Phawker

You Report, We Decide

News, Media, Politics, Music, Culture, Gossip, In The 215 And The Great Beyond

NPR 4 THE DEAF: We Hear It Even When You Can’t

FRESH AIR

“The stock market is rigged,” Michael Lewis tells Fresh Air’s Terry Gross. “It’s rigged for the benefit for really a handful of insiders. It’s rigged to … maximize the take of Wall Street, of banks, the exchanges and the high-frequency traders at the expense of ordinary investors.” Lewis is the author of several books about the world of finance, including Liar’s Poker and The Big Short. His new book Flash Boys is about the form of computerized transactions known as high-frequency trading, in which the fastest computers with the highest connection speeds get the information first, and make the trade before anyone else can. A millisecond — even a nanosecond — can make all the difference between how much money is made or lost on any transaction. You’d be surprised to hear what investment banks do to get that nanosecond edge, and how they often use it in ways Lewis describes as predatory. The victims range from some investment houses to individual investors. Lewis says high-frequency trades can end up hurting the returns on your retirement accounts. The FBI, Wall Street regulators and New York’s attorney general are investigating high-frequency trading, and whether it has created an uneven playing field. “There’s a decline of trust in the marketplace because it’s not as trustworthy,” Lewis says. “And if it’s not as trustworthy then the whole economy suffers. Trust is the grease that keeps the system working.” MORE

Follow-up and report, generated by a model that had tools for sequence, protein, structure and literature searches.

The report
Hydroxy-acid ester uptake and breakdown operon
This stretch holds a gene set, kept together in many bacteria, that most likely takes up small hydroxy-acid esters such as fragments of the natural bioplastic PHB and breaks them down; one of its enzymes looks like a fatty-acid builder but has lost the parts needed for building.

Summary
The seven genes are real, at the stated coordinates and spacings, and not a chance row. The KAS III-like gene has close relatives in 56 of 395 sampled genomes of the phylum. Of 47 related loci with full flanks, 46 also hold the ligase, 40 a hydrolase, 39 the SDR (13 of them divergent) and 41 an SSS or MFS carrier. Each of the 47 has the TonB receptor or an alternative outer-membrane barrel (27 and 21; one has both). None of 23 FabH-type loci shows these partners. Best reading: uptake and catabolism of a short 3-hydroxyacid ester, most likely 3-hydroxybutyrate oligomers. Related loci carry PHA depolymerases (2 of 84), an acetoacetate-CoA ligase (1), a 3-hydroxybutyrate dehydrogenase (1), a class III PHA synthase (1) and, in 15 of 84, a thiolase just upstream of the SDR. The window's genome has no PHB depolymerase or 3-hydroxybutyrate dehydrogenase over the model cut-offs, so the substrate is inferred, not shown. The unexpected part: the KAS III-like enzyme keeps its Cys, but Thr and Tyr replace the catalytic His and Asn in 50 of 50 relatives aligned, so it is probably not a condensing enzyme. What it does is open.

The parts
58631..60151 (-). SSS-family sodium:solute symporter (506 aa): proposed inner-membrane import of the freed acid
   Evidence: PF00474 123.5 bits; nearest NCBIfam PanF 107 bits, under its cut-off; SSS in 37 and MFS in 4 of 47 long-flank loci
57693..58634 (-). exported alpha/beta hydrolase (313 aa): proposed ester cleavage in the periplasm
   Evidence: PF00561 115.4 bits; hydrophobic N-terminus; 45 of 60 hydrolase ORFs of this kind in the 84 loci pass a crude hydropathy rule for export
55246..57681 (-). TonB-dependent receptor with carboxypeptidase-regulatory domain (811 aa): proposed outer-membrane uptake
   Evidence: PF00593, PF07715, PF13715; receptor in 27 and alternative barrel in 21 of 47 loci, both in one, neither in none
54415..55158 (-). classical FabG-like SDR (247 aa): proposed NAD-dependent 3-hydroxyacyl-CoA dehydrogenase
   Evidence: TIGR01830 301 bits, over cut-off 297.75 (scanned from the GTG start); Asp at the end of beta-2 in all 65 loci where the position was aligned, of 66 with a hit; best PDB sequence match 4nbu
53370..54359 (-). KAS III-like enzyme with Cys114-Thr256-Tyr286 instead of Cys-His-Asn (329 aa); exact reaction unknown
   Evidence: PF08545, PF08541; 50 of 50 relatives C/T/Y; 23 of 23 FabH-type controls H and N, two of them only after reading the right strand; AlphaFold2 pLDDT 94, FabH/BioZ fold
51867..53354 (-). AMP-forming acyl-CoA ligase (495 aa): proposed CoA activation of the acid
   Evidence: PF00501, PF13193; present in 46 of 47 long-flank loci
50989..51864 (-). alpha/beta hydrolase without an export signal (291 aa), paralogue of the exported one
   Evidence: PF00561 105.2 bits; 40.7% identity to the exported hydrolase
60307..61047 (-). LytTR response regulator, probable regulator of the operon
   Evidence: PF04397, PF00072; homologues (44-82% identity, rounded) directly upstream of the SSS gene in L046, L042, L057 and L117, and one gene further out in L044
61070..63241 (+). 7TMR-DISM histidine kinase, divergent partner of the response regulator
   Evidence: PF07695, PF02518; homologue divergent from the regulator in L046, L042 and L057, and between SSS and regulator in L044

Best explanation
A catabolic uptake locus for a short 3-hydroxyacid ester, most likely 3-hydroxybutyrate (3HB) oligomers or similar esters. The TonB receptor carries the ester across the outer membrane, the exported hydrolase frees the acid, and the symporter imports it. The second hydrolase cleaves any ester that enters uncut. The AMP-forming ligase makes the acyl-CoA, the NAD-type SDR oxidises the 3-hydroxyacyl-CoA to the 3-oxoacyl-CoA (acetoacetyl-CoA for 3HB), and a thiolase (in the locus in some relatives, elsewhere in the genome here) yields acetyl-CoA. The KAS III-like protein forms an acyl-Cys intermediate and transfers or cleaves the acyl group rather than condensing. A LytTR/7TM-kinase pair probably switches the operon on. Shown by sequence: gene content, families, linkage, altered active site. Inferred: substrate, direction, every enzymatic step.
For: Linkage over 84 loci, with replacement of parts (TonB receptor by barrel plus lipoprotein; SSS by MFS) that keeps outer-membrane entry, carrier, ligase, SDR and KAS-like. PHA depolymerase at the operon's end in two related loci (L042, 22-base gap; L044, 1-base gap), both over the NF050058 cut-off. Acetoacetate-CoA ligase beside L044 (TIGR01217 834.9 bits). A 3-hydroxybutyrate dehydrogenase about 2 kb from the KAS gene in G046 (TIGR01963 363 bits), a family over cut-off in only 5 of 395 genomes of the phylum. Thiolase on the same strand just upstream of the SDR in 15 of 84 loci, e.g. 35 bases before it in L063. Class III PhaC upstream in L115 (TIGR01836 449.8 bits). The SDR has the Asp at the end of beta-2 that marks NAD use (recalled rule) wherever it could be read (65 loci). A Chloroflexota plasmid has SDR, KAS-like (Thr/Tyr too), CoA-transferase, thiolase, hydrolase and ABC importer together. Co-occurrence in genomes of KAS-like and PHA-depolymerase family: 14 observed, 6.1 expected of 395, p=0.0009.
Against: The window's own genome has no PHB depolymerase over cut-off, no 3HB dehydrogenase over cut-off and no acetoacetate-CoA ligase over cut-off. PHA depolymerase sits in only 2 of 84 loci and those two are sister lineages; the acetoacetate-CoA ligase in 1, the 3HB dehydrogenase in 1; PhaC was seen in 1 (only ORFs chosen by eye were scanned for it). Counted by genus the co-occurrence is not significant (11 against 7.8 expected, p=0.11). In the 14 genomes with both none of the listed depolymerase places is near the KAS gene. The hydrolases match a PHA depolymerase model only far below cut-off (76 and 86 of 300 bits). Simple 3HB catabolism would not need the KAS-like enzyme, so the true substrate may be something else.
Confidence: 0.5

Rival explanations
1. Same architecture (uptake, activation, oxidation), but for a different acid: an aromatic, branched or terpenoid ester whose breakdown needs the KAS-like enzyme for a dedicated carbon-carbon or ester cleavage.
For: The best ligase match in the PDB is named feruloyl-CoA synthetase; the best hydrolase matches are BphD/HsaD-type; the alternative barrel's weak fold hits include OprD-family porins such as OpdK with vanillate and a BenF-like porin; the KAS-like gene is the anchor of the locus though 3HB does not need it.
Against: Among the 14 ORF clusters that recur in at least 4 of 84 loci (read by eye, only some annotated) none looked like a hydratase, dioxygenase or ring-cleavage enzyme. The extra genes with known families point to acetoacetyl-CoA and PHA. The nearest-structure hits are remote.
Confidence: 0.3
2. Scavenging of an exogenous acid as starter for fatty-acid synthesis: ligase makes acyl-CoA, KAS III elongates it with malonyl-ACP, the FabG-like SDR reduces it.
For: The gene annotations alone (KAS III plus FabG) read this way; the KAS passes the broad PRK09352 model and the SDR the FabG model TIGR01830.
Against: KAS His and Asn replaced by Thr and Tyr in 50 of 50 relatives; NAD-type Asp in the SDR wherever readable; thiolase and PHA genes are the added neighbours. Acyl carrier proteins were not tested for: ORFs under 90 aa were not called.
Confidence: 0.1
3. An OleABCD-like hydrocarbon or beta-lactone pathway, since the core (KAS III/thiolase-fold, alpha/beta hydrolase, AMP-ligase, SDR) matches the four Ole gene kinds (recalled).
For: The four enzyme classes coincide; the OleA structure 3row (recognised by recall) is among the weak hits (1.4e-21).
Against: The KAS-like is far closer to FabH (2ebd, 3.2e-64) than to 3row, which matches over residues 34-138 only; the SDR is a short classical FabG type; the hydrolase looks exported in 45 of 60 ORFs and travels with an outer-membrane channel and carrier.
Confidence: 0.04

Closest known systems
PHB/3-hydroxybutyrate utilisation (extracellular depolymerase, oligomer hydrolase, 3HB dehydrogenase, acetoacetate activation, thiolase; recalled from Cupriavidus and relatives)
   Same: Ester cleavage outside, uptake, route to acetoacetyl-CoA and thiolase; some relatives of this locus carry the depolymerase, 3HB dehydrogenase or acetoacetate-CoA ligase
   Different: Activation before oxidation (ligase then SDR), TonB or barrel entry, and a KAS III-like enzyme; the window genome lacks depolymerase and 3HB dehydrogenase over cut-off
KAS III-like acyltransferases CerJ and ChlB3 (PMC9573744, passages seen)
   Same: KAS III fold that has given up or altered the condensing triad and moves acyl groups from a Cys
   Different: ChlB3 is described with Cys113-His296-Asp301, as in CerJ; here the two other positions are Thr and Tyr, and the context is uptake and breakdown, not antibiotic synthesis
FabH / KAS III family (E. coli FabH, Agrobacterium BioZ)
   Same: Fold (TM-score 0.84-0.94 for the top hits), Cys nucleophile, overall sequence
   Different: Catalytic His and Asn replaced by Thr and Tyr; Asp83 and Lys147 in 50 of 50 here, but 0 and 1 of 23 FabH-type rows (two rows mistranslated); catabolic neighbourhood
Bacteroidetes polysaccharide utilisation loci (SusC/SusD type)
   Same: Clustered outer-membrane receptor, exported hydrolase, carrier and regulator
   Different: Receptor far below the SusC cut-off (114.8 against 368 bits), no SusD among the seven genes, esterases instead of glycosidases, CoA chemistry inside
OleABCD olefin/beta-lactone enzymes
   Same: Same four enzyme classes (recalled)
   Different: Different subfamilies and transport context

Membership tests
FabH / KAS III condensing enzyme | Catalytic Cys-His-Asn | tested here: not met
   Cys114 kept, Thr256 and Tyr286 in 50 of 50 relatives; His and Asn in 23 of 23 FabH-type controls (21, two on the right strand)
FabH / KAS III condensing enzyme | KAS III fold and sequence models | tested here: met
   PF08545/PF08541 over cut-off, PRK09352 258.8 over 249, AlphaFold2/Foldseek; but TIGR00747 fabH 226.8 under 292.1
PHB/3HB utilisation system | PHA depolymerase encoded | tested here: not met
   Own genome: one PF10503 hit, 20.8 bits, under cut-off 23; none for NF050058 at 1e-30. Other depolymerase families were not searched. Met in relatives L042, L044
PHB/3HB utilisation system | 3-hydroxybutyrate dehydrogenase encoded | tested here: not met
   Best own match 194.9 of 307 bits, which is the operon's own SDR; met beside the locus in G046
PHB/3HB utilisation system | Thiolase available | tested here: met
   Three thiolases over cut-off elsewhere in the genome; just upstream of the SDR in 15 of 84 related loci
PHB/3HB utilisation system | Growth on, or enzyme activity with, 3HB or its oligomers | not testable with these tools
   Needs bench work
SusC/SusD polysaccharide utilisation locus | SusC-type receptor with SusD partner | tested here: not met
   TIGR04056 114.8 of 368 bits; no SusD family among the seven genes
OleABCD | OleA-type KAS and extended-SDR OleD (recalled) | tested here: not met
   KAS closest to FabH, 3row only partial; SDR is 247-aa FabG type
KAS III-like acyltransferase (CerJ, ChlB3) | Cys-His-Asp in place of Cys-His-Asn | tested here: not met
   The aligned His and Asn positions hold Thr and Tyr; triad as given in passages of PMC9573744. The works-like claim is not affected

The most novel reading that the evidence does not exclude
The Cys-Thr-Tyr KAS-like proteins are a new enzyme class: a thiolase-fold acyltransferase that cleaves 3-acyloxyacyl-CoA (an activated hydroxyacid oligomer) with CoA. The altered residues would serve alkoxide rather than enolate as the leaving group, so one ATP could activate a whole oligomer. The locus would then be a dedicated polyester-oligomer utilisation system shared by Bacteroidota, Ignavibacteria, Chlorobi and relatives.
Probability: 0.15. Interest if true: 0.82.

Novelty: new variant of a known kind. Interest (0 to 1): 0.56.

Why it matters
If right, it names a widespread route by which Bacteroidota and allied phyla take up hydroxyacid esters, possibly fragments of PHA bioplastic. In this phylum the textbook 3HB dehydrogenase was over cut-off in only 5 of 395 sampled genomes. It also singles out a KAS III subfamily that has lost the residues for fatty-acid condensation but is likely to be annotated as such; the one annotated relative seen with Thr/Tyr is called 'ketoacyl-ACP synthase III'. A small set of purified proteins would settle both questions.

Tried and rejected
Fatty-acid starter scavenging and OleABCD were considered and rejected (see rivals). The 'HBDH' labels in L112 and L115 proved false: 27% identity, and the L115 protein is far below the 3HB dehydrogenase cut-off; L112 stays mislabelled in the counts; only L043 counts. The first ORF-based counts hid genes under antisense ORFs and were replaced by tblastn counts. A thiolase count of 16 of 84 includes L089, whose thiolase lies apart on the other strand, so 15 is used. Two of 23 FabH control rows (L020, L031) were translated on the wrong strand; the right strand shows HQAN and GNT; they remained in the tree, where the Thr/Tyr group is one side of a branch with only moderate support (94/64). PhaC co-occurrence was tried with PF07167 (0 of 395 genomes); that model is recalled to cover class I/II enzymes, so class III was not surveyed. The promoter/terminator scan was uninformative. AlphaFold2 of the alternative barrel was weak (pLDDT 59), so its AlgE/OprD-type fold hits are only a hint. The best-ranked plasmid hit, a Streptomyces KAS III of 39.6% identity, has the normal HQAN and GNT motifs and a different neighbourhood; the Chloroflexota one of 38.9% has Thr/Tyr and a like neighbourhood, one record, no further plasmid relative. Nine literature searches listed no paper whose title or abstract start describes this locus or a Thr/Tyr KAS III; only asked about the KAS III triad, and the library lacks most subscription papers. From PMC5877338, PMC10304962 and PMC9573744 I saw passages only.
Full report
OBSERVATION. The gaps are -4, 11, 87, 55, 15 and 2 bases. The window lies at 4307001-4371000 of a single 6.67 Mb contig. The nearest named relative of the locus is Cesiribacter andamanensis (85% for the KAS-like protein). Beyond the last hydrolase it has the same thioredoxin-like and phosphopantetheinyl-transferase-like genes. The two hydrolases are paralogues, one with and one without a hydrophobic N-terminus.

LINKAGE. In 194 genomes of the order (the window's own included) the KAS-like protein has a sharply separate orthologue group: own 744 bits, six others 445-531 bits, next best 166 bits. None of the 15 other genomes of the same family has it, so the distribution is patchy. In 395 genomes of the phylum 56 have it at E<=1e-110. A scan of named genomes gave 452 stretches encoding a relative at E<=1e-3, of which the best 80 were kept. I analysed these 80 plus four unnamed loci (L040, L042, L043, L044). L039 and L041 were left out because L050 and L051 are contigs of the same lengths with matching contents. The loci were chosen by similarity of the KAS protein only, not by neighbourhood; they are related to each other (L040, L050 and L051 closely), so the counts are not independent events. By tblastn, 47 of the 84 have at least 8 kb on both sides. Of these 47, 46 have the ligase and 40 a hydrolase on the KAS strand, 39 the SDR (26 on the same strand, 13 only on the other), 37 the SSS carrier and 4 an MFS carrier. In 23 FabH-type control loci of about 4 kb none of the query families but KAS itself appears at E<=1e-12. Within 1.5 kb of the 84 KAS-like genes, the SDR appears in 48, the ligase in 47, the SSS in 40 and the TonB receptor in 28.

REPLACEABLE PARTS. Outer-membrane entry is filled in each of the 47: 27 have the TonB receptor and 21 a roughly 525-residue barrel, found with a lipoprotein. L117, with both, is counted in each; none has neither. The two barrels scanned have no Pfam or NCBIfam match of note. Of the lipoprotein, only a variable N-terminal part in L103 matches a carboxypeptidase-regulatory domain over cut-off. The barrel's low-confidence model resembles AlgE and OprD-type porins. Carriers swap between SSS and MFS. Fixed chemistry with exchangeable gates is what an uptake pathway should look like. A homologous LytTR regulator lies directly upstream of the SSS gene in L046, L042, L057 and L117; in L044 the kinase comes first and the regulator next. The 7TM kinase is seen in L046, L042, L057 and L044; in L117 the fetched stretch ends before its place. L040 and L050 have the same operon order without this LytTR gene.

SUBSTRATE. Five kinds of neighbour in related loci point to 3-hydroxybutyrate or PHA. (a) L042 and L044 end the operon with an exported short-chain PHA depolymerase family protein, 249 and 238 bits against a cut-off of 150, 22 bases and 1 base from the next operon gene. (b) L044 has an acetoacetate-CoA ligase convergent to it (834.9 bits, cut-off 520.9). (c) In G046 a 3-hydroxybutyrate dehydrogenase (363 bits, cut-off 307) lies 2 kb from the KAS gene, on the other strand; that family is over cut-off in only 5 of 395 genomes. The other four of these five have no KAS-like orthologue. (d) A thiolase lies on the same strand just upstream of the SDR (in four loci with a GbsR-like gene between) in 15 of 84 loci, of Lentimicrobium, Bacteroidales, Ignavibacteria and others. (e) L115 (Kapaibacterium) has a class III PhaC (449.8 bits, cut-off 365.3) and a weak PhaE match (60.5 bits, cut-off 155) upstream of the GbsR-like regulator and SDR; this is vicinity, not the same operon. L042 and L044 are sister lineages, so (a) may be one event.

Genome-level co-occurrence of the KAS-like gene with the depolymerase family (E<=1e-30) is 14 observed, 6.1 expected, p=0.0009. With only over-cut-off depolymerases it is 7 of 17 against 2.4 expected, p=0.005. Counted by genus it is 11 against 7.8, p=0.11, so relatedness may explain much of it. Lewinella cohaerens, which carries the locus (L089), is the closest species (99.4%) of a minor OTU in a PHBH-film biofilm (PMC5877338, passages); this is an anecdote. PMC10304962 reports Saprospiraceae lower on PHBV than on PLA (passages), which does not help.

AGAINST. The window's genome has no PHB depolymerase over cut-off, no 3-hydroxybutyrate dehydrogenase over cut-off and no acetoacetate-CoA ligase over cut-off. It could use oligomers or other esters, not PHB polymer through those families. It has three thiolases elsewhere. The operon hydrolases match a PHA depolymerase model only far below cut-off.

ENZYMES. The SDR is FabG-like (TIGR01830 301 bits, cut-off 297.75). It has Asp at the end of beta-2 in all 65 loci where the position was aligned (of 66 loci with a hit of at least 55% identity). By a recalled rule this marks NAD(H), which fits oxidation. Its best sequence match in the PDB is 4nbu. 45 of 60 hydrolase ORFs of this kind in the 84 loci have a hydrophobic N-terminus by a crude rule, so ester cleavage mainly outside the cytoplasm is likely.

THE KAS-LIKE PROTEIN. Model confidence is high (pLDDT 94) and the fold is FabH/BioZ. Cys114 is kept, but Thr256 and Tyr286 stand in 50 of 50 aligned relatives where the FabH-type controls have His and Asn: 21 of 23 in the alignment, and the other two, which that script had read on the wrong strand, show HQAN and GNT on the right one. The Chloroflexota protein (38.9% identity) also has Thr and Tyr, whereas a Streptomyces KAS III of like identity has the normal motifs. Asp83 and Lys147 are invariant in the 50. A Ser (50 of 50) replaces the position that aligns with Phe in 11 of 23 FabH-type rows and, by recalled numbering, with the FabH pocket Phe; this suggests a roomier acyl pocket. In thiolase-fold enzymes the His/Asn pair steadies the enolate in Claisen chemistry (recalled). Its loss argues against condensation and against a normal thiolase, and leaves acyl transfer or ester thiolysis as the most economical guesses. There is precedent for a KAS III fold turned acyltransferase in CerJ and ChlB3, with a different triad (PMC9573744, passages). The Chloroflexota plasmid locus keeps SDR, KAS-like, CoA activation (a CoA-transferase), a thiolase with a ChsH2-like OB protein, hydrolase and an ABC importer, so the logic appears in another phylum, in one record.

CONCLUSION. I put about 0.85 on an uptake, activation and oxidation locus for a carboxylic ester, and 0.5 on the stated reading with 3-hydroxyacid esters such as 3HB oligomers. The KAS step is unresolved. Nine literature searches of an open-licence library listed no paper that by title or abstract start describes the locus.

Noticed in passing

PREVIOUSLY: Writer Michael Lewis is the author of Moneyball, Liar’s Poker, and The Blind Side, books with vastly different subjects but a common theme: outsiders with innovative ideas who find astonishing success. Lewis’ newest book continues that narrative. The Big Short: Inside the Doomsday Machine chronicles the 2008 financial collapse through stories of the people who realized what was happening to the U.S. economy while it was happening — and then made vast fortunes by betting against the markets. MORE

[Slashdot] [Digg] [Reddit] [del.icio.us] [Facebook] [Technorati] [Google] [StumbleUpon]


Via BuzzFeed